A few (signed, limited edition) screenprints I’ve bought recently by two of my favourite artists, Shepard Fairey and Ernesto Yerena. I have nowhere to hang these right now, but figure by the time I do these will be way out of my price range so best to buy them now. 


Shepard Fairey, Sedation Pill


Shepard Fairey, Compton’s Most Wanted


Ernesto Yerena, Lion of the Dead


Ernesto Yerena, Yaqui Dia de los Muertos

Why the Big Day Out is dead

This year is the last time we’ll see the Big Day Out here in NZ. Theories abound as to why the event no longer attracts its once cult-like following, but if you really want to understand you need look no further than this picture @barryhannah snapped at the gate out there today.


Look familiar?

Clearly, the talent pool at BDO hq is now so shallow they think it’s ok to steal images from blogs, rather than source by legitimate means.

It’s amateur hour out there, folks. If they’ll break the law over something so trivial as an ID sign to save a few bucks, why would they stop short of ripping off artists and skimping on safety? My guess is they wouldn’t.

If you ask me, the kids staying away in droves this year have made a good call. Shame, as the Big Day Out used to be a hell of an event.

Social media usage following the Christchurch earthquake

A few random thoughts on some of the applications of social media following the Christchurch earthquake. I’ll attempt a more meaningful formulation soon.

In the first minutes, real-time tools like Twitter and TwitPic really came into their own. First the news broke that a major quake had occurred. Reports followed of its magnitude, and then the first pictures and videos started to come in. Within 15 minutes, #eqnz had become the accepted hashtag. Despite the massive fragmentation of sources, thousands of people all over the world were watching the story evolve in real-time, reading the same tweets and viewing the same images.

In those first minutes, the thing most people were concerned about was finding out what the hell was going on. As such, open and real-time were absolute requirements. Several people and organisations recommended Facebook pages as useful resources, but in this instance they were way off the mark. I don’t want to become a fan of (sorry, ‘like’) a page in order to report a missing pet or loved one, and I want my plea for help to have the widest possible audience – not just people who have also signed up to that page.

It was interesting to once again observe a kind of passive aggressive turf war between proponents of alternative hash tags. #eqnz emerged almost immediately, followed by the Earthquake Commission’s proposed #chch. Why the hell they felt the need to upset the apple cart is beyond me.

I’ve read a few posts lately with people bitching about the continued use of the now-defunct ‘RT @…’ method of retweeting. Personally I couldn’t see what all the fuss was about, and really didn’t give a toss one way or the other until yesterday. Looking through the #eqnz stream in search of new information was a nightmare, due to the thousands of RT-style retweets that would otherwise have appeared as a simple numerical increment appended to the original tweet. RT-style retweets enter the stream in the same fashion as the original, but with a later time stamp. When people are looking for real-time information, wading through thousands of hour-old (oh, how our expectations have changed) posts is a painful and unnecessary drag. I’ll never use the RT style again. Who’s with me?

It seems every man and his dog tried to get their favourite celebrities to retweet links to the NZ aid organizations, and many did so (Kudos to Simon Pegg, Nick Frost, Stephen Fry. Screw you, Oprah). I can’t help but wonder if these pleas were a genuine attempt to leverage star power in a time of need, or a sad form of 21st century autograph hunting. Nobody collects signatures anymore – it’s all about @ replies and retweets, don’t you know. Does it matter? No, but it’s interesting to me at least.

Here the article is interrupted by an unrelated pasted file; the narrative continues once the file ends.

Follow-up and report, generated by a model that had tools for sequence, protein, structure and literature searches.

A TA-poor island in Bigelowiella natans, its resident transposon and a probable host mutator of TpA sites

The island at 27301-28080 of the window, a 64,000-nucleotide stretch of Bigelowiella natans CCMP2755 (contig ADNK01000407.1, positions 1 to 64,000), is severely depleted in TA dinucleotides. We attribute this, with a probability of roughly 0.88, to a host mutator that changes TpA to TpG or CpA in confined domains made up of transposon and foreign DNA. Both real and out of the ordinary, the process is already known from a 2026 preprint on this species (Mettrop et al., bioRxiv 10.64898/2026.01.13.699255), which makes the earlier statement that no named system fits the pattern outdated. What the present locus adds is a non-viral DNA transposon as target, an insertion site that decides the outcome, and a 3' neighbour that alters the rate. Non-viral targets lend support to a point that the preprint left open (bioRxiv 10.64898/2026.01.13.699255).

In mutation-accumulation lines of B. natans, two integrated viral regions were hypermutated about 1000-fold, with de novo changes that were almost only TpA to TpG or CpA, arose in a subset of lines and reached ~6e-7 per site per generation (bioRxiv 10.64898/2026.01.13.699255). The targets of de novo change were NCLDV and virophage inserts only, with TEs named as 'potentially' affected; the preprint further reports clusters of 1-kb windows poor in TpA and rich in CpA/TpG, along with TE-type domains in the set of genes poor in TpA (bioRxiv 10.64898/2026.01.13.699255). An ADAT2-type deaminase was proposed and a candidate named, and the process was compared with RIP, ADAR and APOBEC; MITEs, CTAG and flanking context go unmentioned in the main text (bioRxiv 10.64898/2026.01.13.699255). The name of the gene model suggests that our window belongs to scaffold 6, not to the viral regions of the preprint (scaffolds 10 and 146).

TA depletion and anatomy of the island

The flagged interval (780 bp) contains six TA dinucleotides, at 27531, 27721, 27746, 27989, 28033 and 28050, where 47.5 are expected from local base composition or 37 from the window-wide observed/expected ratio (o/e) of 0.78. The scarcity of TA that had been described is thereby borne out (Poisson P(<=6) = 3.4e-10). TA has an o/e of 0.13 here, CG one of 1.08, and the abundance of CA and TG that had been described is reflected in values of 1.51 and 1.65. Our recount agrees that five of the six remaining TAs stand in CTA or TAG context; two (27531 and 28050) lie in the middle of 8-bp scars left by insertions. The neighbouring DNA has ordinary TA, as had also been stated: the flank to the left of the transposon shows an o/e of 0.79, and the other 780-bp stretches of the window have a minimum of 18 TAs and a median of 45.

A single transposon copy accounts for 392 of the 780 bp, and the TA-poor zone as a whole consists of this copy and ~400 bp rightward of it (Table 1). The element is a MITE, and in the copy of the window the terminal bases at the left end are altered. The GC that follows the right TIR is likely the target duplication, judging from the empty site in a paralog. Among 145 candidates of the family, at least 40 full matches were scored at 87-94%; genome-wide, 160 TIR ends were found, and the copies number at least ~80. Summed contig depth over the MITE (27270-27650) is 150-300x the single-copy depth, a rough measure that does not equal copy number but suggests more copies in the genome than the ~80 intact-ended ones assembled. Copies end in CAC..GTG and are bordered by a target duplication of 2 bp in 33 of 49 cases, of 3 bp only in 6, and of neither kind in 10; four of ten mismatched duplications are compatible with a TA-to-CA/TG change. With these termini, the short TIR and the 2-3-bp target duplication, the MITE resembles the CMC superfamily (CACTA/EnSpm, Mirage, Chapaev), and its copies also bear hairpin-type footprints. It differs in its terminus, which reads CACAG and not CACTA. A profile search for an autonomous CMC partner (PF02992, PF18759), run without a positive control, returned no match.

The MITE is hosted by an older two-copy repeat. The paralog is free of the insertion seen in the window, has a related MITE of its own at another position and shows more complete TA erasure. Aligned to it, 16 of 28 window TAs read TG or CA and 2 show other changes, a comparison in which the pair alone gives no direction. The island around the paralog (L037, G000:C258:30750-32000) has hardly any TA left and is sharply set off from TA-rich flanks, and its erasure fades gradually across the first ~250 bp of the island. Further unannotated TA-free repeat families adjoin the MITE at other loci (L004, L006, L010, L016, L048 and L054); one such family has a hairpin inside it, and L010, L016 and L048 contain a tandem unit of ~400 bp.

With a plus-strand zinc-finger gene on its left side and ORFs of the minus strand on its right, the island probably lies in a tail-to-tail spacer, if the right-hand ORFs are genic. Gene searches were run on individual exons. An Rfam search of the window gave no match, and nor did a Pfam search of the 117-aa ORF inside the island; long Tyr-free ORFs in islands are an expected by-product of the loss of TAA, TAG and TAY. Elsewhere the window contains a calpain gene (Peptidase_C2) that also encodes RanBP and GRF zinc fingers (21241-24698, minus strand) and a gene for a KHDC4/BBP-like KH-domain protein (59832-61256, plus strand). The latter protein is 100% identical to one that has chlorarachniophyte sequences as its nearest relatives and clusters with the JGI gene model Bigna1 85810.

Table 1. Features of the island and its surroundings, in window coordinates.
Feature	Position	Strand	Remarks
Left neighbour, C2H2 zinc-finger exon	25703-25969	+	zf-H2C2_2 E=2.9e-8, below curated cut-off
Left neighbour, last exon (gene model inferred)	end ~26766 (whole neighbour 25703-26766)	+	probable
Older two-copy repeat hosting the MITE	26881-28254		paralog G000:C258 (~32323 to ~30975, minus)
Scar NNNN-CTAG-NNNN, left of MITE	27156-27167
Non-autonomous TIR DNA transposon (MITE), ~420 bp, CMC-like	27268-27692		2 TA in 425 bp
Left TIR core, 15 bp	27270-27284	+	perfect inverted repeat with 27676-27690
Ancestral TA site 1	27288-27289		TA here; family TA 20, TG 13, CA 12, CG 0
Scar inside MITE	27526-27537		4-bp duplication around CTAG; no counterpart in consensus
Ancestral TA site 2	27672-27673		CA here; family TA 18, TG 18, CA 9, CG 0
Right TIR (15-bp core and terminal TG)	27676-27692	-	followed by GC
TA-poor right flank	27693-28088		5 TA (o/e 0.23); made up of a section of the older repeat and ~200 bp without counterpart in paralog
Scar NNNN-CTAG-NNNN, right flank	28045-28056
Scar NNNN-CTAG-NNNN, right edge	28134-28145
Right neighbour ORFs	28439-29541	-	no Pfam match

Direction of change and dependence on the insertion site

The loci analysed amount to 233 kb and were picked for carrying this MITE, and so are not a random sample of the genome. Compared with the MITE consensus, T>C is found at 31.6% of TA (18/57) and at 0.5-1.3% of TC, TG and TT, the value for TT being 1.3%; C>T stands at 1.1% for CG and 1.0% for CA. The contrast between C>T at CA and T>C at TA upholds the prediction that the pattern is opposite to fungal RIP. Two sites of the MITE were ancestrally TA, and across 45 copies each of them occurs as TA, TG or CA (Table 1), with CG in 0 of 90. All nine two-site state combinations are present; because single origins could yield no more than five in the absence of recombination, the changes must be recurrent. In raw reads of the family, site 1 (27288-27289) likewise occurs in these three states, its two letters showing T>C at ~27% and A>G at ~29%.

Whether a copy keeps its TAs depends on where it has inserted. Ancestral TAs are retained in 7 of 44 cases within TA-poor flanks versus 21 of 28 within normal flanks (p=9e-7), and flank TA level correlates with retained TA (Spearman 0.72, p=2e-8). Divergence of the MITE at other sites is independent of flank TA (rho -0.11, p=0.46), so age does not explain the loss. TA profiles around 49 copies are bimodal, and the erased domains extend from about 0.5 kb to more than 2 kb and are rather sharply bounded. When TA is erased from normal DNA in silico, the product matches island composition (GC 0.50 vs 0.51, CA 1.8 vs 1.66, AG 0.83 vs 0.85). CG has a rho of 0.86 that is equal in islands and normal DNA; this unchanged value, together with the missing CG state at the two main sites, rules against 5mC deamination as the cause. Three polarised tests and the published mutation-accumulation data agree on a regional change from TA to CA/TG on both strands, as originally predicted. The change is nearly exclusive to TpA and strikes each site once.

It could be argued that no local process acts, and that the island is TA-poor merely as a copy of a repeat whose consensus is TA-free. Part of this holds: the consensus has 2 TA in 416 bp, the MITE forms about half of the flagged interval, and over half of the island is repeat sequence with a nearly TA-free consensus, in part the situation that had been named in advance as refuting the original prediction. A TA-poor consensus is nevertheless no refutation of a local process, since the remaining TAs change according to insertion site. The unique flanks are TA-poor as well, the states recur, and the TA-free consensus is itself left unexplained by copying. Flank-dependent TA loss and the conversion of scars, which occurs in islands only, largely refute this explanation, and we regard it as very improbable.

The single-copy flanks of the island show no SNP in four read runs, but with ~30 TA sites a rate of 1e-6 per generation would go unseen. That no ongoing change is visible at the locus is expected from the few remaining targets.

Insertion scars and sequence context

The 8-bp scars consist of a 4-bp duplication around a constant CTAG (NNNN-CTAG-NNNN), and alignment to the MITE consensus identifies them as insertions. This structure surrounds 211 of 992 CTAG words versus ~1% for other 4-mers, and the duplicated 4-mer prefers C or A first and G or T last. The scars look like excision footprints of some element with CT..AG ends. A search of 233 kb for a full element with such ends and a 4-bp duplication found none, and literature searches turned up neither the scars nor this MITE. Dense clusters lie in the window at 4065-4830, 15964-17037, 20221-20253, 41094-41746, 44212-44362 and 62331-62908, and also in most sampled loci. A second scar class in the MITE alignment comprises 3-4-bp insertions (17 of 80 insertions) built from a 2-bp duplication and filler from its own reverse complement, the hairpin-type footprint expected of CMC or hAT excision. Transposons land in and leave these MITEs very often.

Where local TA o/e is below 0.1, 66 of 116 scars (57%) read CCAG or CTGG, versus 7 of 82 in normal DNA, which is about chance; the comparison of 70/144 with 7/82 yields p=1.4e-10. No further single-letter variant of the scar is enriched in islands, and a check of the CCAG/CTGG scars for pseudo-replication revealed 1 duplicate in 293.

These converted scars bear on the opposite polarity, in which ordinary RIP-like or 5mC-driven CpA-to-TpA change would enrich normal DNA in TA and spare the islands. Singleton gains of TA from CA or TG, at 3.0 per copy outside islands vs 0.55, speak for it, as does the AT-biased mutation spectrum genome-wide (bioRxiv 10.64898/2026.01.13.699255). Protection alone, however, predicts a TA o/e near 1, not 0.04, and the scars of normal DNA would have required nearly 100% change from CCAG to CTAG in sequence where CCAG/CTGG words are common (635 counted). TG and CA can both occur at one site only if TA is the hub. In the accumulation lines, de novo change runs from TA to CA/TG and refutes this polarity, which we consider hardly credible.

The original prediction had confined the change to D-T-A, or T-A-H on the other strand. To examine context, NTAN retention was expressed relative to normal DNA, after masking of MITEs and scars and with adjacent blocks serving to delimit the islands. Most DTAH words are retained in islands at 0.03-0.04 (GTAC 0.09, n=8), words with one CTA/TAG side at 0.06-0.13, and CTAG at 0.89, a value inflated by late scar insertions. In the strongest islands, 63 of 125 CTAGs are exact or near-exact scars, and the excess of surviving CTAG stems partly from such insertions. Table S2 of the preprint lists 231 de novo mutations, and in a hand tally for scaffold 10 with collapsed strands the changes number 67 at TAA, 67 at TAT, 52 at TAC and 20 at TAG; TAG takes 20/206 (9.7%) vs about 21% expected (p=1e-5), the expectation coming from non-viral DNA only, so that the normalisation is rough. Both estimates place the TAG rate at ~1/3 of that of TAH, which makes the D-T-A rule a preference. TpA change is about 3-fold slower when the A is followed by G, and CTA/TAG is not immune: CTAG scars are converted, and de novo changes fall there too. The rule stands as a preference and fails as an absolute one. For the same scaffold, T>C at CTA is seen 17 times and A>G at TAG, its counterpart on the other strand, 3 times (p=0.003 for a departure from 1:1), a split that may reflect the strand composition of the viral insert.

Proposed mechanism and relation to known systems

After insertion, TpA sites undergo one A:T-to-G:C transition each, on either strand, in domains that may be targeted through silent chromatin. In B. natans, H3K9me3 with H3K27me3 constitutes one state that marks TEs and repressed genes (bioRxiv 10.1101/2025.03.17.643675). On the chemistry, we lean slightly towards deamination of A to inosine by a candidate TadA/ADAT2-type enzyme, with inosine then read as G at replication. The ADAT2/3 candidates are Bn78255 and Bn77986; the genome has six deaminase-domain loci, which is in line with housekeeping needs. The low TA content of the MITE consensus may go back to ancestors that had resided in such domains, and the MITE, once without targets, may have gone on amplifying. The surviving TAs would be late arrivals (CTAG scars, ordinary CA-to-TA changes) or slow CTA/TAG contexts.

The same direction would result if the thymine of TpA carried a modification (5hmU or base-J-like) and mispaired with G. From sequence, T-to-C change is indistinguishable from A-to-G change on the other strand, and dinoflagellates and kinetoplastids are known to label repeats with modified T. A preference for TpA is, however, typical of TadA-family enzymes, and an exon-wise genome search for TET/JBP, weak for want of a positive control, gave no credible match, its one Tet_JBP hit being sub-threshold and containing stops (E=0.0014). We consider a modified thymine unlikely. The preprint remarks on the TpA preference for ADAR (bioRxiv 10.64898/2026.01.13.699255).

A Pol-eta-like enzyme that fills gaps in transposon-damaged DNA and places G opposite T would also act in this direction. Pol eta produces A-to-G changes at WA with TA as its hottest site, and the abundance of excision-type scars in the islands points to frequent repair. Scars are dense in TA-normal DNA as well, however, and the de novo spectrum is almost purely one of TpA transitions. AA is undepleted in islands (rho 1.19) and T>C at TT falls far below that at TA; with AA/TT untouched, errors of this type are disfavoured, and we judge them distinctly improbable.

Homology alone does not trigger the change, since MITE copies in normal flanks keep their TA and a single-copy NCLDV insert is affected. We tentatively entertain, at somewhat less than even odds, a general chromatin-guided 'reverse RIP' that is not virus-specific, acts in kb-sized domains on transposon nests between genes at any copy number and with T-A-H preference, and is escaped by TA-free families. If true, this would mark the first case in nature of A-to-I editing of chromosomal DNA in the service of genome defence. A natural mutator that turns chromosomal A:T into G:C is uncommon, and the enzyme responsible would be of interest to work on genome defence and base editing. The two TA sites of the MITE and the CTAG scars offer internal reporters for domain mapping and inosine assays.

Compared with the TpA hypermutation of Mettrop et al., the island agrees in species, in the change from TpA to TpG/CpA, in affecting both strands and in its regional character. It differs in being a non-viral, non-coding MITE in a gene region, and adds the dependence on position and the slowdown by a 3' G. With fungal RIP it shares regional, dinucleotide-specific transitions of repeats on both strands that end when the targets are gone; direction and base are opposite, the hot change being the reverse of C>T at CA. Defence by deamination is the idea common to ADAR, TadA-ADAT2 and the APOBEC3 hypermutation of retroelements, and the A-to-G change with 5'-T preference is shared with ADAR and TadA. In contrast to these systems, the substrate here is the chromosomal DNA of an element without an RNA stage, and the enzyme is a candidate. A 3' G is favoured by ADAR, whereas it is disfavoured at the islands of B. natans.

Within minutes of the first pictures of the collapsed Christchurch cathedral coming out, its Wikipedia page and image had been updated to reflect its current condition. Not only that, Wikipedia administrators had flagged the image as a candidate for removal due to its dubious copyright status. Wikipedia is such an efficient animal, especially in times like this (reminded of similar instances in the case of Steve Irwin’s death, and Pluto’s demotion to non-planet status). This never ceases to amaze and impress me.

Once the mainstream news organisations started to get a handle on this situation – for the first couple of hours they were essentially re-publishing information and images sourced from Twitter – social media usage seemed to shift into recovery mode. People wanting to locate missing loved ones were tweeting their names and possible locations, and people on the ground were attempting to find them. Several wiki and wiki-like projects kicked in, creating centralized registers of the missing and the found. Wikis were an ideal technology to use now, to balance out the noise and evanescence of the Twitter stream.

The utility of some of these digital tools also provided a way for concerned people all over the world to get involved. I looked across my office at one point and saw a colleague scanning the Twitter stream for reports of missing people, updating a missing persons’ wiki. Around a dozen people were working simultaneously. Where and who were the others? I have no idea. It doesn’t matter.

Misinformation is always a challenge with social media, and yesterday was no different. When reports came in of damage to the Christchurch cathedral, the accompanying pictures were actually of a different church that had been totally destroyed. Some well-meaning soul assumed blood would be in demand, and put the word out that donations were urgently required. The resulting flood of offers – not needed, thanks to regular donors such as myself – placed undue pressure on the Blood Service, who were forced to divert attention from their task at hand and respond with their own assurances that blood stocks were fine and dandy. It’s not all bad news though – because the misinformation was largely on Twitter, the Blood Service was prompted to create their own account (@nzblood) in order to join the conversation. Here’s hoping they stick around.

Misinformation is by no means the sole domain of social media. Last night I was appalled to see TV3 news anchor Hilary Barry announce ‘unconfirmed reports’ of a death toll as high as 300 to 400 people. Unconfirmed reports? Why not preface with ‘a bloke in the pub told me’? If this is what counts as journalistic integrity in the 21st century it’s no wonder the old media establishments are struggling. If I’m going to soak up a bunch of speculation and heresay I might as well get it for free and without a 15-second ad at the start.